Written by Emily Mullins
On March 23 at exactly 8:30 p.m., members of Tolt Congregational United Church of Christ in Carnation, Wash., will turn off all of the power inside their building and gather outside the pitch-dark facility. Illuminated only by candlelight, the group will sing a few songs and participate in activities using absolutely no electricity, energy or fossil fuels. As part of Earth Hour, a global initiative of the World Wildlife Fund, the congregation is planning an inspiring celebration of its collective commitment to the planet.
"Our building is located on a fairly busy corner," said Cindy Sattler, church treasurer and member of the Earth Hour event committee. "A dark building with candles, we hope we can make a statement."
Earth Hour began in 2007 in Sydney, Australia and has since grown into a global movement. Known as the world's largest collective display of commitment to protecting the planet, hundreds of millions of people from more than 152 countries turned off their lights for Earth Hour 2012. World landmarks like the Eiffel Tower, the Great Pyramids of Egypt, Buckingham Palace, Niagara Falls, the Empire State Building and the Sydney Opera House also went dark. The World Wildlife Fund is asking people to turn off their lights at 8:30 p.m. local time on Saturday, March 23, 2013 as a powerful symbol of their dedication to the earth.
Before turning out the lights, Tolt UCC will host a Lights Out Dinner. For a suggested donation, members who turn off all of the power in their homes can gather at the church for a meal, with the idea of saving the additional energy that would be used if everyone cooked an individual dinner at home. Proceeds from the event will go toward replacing some of the building's older windows with energy-efficient models, a project the congregation began a few years ago and has been adding to as it is able. Sattler says she expects at least 60 people to attend the event, which they hope will serve as the kickoff to Mission 4/1 Earth, the UCC's church-wide earth care initiative beginning Easter Monday, April 1.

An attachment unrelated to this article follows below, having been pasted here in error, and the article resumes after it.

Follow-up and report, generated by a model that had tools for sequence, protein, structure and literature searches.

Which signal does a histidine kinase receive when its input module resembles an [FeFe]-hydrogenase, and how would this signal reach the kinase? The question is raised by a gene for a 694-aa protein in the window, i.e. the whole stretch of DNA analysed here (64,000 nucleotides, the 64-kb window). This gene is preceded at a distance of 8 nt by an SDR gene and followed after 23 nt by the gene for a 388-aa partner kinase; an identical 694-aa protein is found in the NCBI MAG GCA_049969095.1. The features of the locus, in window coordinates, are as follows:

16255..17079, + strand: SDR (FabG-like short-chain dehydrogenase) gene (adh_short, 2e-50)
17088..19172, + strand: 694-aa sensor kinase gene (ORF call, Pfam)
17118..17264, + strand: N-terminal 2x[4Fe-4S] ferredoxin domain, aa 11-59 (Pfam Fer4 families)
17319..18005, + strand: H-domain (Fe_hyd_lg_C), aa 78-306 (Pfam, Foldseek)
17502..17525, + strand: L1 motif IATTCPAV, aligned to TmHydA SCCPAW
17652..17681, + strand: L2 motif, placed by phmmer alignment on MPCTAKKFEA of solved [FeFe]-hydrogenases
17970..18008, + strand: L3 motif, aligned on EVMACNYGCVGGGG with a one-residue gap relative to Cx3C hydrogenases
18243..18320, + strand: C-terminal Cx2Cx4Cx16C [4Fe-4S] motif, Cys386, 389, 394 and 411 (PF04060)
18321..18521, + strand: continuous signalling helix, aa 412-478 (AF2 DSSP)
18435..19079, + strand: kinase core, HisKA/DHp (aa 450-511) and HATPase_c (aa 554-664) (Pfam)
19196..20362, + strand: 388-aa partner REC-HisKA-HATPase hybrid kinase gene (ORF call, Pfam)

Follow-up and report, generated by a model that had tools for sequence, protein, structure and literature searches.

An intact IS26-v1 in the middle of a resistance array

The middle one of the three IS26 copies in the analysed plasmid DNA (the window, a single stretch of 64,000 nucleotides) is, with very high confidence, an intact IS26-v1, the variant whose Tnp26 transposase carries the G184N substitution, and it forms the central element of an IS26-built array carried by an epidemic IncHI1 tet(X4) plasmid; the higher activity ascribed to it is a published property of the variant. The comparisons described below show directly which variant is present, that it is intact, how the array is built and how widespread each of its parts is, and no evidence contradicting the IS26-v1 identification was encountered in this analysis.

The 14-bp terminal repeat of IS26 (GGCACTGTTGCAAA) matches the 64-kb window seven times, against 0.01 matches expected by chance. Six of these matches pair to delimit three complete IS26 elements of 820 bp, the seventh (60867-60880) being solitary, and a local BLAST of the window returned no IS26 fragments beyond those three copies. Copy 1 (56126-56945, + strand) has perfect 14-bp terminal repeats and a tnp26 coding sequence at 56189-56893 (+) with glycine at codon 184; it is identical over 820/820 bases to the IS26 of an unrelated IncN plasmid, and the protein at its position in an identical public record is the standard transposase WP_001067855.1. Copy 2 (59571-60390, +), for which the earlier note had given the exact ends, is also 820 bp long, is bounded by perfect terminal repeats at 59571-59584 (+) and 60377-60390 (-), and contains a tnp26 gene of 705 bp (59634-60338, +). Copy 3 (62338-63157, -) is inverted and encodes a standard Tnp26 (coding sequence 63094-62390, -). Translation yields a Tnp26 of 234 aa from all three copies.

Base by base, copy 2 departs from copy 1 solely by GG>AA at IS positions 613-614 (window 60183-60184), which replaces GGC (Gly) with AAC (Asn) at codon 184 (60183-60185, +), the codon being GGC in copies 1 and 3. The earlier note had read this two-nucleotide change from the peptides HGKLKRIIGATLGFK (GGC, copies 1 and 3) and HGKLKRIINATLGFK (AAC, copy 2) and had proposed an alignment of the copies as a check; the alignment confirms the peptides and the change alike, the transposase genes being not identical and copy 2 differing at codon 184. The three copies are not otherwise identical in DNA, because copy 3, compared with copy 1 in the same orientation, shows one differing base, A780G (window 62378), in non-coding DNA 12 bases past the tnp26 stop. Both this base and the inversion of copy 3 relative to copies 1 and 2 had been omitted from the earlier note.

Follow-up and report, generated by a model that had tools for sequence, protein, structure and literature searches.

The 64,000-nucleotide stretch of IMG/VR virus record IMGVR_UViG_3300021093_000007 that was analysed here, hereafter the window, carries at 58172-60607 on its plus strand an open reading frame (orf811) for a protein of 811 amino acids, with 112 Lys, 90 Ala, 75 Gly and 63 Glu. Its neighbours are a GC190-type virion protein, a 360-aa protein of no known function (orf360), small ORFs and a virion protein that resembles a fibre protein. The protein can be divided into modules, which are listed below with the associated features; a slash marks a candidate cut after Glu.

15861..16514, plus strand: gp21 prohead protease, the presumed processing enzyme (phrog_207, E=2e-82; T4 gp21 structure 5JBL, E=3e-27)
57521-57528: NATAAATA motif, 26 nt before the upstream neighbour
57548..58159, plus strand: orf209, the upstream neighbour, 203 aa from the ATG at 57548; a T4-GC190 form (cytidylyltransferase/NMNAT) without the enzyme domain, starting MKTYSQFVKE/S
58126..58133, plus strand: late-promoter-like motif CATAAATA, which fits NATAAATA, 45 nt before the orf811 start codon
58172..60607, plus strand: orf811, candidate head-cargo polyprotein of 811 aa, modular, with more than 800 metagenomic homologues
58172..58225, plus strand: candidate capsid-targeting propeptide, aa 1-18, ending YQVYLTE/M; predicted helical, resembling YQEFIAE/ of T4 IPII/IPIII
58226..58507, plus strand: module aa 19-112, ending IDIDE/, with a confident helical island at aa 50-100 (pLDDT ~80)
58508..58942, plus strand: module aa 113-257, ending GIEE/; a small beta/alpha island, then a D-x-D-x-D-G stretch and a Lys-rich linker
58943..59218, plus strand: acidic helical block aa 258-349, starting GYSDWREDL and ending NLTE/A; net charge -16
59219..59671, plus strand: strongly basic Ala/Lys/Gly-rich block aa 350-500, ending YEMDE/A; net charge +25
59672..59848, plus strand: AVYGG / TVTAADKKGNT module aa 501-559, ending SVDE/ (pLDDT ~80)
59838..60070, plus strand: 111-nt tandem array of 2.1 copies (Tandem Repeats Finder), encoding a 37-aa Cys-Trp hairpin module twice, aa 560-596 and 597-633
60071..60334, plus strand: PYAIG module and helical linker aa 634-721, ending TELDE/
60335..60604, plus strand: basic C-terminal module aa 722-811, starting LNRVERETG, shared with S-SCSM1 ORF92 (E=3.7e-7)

"Our church has always been very environmentally conscious," she said. "But we're really hoping this event sparks a renewed interest in environmental ministry, and thought it would be a great launch to the [Mission 4/1 Earth] conversation."
Other UCC congregations including Sayville Congregational UCC in Sayville, N.Y., and First Congregational UCC in Asheville, N.C., will also host activities or encourage their members to participate at home. For more information or to take the Earth Hour 2013 Pledge, visit the World Wildlife Fund's website.
"There is always more to do," Sattler said of caring for the earth. "We're not done yet, and the world isn't done trying to come up with solutions."
The United Church of Christ has been working for environmental justice for almost 30 years, and recognizes the opportunity for a shared mission campaign to live out our faith — in unity, as one church — for the sake of our fragile planet Earth.
With the help of UCC congregations everywhere, Mission 4/1 Earth, which begins Easter Monday 2013, hopes to accomplish more than 1 million hours of engaged earth care, 100,000 tree plantings across the globe, and 100,000 advocacy letters written and sent on environmental concerns.
Here's a preview of Mission 4/1 Earth: 50 Great Days.